From a reader:
My teen daughter loves Gregorian chant and has been asking me to take her to an Extraordinary Form Mass. We found out today that an associate pastor at a nearby parish has celebrated Extraordinary Form Masses in the past (he is currently on a mission to teach chant responses to the parish community, which we love). She would like to ask the pastor to allow this associate pastor to celebrate Extraordinary Form Masses, but worries that she won’t be listened to because she is a teen and because it seems there is lack of interest in the Extraordinary Form Mass in this parish. We’re not registered in the parish, so we don’t know whether anyone else is interested in the Extraordinary Form Mass there; our acquaintances and friends in that parish are not.
Would an email from a teen carry more or less weight than an adult’s email with a friendly, welcoming pastor? How can we find out whether other people (parishioners or not) would want an EF Mass or would be willing to purchase the necessary items so that the Extraordinary Form Mass could be offered regularly? Thanks for any advice you can share – we don’t want to be stalkers, but can’t figure out how to gauge the level of interest in the Extraordinary Form Mass.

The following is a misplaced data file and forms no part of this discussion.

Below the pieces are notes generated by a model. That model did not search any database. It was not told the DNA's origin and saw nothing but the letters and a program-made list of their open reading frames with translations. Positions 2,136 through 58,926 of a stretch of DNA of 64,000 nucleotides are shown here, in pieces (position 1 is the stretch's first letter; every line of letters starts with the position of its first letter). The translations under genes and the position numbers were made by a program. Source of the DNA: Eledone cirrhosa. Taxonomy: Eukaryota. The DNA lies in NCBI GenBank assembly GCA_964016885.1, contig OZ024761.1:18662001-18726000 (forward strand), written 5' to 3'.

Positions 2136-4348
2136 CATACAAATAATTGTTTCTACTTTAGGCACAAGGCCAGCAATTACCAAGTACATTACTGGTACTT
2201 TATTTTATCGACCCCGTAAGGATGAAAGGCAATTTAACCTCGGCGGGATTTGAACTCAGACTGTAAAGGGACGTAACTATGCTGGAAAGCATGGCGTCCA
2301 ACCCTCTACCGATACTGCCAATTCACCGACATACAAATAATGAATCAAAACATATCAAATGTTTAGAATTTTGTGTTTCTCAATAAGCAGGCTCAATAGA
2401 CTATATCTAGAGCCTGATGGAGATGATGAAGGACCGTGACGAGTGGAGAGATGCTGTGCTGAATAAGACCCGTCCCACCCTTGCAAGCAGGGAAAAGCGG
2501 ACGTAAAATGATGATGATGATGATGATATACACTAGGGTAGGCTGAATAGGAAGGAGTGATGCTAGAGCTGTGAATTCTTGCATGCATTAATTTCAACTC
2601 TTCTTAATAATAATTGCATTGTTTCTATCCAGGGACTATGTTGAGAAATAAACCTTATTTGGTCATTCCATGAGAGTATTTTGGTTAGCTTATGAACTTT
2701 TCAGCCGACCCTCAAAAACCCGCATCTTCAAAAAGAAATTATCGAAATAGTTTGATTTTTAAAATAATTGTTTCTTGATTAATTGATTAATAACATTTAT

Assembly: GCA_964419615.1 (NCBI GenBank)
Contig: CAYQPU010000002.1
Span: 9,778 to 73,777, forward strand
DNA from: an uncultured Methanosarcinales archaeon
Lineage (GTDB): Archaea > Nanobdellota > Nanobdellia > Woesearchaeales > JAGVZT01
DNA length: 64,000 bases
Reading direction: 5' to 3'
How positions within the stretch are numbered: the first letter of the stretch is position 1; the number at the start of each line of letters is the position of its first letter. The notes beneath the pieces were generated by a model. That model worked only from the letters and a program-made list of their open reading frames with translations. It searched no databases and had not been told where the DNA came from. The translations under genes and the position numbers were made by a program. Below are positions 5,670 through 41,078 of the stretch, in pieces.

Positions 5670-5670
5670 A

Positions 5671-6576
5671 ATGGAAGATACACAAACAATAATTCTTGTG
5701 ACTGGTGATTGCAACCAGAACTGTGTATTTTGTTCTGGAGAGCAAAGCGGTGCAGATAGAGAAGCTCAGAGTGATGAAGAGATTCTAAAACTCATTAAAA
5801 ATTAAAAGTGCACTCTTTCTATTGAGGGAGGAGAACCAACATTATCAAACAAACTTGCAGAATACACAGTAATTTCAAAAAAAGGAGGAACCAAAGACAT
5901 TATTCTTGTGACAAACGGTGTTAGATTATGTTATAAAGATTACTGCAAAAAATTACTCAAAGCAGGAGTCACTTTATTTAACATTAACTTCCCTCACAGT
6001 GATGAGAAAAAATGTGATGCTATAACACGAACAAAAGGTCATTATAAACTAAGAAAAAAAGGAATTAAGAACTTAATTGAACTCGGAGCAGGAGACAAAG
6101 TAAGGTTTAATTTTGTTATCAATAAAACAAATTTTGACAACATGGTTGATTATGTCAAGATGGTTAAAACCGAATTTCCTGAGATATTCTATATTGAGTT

I am more than willing to accompany my daughter to Extraordinary Form Masses, but it’s been a long time for me (45+ years), so if you could point me toward an Extraordinary Form Mass 101 blog post on your website, I’d appreciate it.
Thank you for all you do in support of our Holy Mother Church. Your thoughtful blog posts are so very helpful to me, and, by extension, to the rest of my family. I will continue to remember you in my prayers.
I think that a request coming from a teen, better yet a group of teens, would make the priest stop in his tracks and listen.
She and her friends who want the same, should go to the parish priest, the pastor, and present him with a letter – signed by all of them and identifying themselves as a stable group – formally requesting such. There could be an additional letter presented by adults.
I will repeat what I have written elsewhere.
When you make the request, you have to make it clear that you are willing to do all the work necessary to get it going, set up, clean up, … everything. You have to be willing to pay the expenses.
Think of kids who want the puppy: they have to be willing to take care of little Fido.
That goes for the grown-ups, too.
As for you, kind writer, take a cue from your child and start going to the older form as often as you can.
I hope readers will chime in with their own experiences and useful, well-considered suggestions.